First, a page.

– user64742
    Feb 3, 2017 at 3:51

8 Answers 8


Izabella Laba, a female mathematician, has written two posts about why she does not participate on MathOverflow that you might find interesting: the first, and the second.

  • $\begingroup$ First of all, I think the more interesting question is this: For those women who remain, for more than a year, we can't completely know, because many of us use gender-neutral user names. And why would we do that, or feel the need to do that? $\endgroup$
    – amWhy
    Sep 3, 2017 at 19:05
  • $\begingroup$ The posts are really depressing. I hope my college attending daughter does not encounter such puerile attitudes. $\endgroup$
    – copper.hat
    Nov 24, 2020 at 4:21

I am an undergraduate in Biology and Math, and also a woman. I find this question particularly interesting because my choice to use Christian over Christianne while filling out the forms was a knee-jerk reaction and I gave it minimal thought. For me, it was the obvious choice. And, to be honest, laziness was the motivating factor.

In my experience in a myriad of different types of online communities, being a female means that you have to deal with additional issues. Regardless of whether it is offensive or not, being female becomes a thing. You are no longer a player you are a female player, or you are no longer a commentator, you are a female commentator. Note here that no man felt the need to specify that they were a man when commenting, but of course its necessary for me to identify myself as a female. Given that the topic here is partially that women may use male names, one could reasonably think that a commentator (with a gender neutral or male name) was a woman or man but (I think its fair to generalize) we all assume they are men unless stated. My choice was less to become a male but more to choose the gender neutral option.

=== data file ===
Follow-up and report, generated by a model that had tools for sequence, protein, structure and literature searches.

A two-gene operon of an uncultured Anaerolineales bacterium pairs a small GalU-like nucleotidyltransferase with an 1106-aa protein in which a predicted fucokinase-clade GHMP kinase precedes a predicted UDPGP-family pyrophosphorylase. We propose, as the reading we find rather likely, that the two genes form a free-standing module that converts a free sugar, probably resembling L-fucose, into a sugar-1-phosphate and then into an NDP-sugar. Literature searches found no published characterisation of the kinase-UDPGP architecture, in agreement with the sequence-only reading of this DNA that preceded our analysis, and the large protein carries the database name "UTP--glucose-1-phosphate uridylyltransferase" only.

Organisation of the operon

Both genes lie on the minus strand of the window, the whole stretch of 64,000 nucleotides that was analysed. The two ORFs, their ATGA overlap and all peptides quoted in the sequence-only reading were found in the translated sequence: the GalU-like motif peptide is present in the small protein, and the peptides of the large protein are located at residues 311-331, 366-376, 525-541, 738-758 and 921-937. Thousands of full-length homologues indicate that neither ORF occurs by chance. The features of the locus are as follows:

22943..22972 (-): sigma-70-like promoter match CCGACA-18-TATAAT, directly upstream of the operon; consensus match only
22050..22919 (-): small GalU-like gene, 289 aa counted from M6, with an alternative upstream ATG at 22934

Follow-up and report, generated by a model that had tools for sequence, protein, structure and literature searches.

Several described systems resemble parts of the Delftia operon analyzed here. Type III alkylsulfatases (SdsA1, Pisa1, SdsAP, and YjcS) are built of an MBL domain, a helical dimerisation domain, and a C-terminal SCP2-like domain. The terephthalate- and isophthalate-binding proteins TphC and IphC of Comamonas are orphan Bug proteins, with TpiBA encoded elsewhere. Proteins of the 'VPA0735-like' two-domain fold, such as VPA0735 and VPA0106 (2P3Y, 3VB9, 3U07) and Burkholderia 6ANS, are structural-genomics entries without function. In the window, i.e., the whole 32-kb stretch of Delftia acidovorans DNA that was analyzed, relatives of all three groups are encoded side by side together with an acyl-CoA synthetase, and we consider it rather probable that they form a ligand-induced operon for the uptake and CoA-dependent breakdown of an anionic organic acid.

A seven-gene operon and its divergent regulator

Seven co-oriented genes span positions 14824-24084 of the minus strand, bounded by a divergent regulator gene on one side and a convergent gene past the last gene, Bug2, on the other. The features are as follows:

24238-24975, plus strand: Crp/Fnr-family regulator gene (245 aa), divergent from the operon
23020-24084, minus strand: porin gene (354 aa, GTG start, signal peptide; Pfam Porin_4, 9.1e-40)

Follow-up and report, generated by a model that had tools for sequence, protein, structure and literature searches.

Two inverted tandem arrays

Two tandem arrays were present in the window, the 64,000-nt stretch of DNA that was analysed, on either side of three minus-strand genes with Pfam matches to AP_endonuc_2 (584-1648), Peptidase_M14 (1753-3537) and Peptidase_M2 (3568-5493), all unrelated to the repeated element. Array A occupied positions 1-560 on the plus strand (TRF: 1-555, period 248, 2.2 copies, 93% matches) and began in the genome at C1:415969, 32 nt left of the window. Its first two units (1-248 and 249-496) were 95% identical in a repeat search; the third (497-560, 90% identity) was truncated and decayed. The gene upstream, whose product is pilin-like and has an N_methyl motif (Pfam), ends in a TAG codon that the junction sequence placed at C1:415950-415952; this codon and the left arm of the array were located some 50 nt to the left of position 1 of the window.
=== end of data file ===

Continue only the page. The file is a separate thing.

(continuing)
I'm not sensitive enough to care what a random person on the internet thinks of me, so gender slurs don't particularly bother me more than other inane comments. For me, its simply tedious to have to deal with the extra baggage that comes along with being a woman on the internet - be it against women, neutral, or positive encouragement. There is simply more extraneous discussion when you're a woman. Why would I want to talk about the fact that I'm a woman (or that apparently I should make you a sandwich) when discussing politics?

I realize that I'm not addressing the source issue. Why I'm so accustomed to such behaviour that it becomes a tedious matter rather than one to be battled is, of course, a very big issue. Being the lazy person that I apparently am, I have no wish to delve into it here.

So, if it can be assumed that I am not the only person to feel this way, the absence of female names can be partially attributed to an acclimation of women to internet culture. Anyone who surfs the internet knows what buttons spark internet debate (think gender issues, islam, gender issues, and did I mention gender issues?) and may develop tactics to avoid it. I have no more delusions about convincing sexist individuals (on the internet) to respect women than I do about convincing Christian Fundamentalists that dinosaurs and man did not coexist. (Note that I making no claims to whether or not such activity takes place here, just that its a trend over the entire internet)

I'm interested to hear your thoughts on this. Are there women who feel this way? Are you also part of the internet generation? Men, are you surprised to hear this perhaps jaded reaction? Additionally, don't men often use pseudonyms here? I'm assuming your question was why a woman would be more likely than a man to use one.

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    $\begingroup$ Oh also, on that note, I am not implying that being offended by things on the internet makes you somehow weak or sensitive (in a negative way). I just don't happen to have a sensitivity to such things. $\endgroup$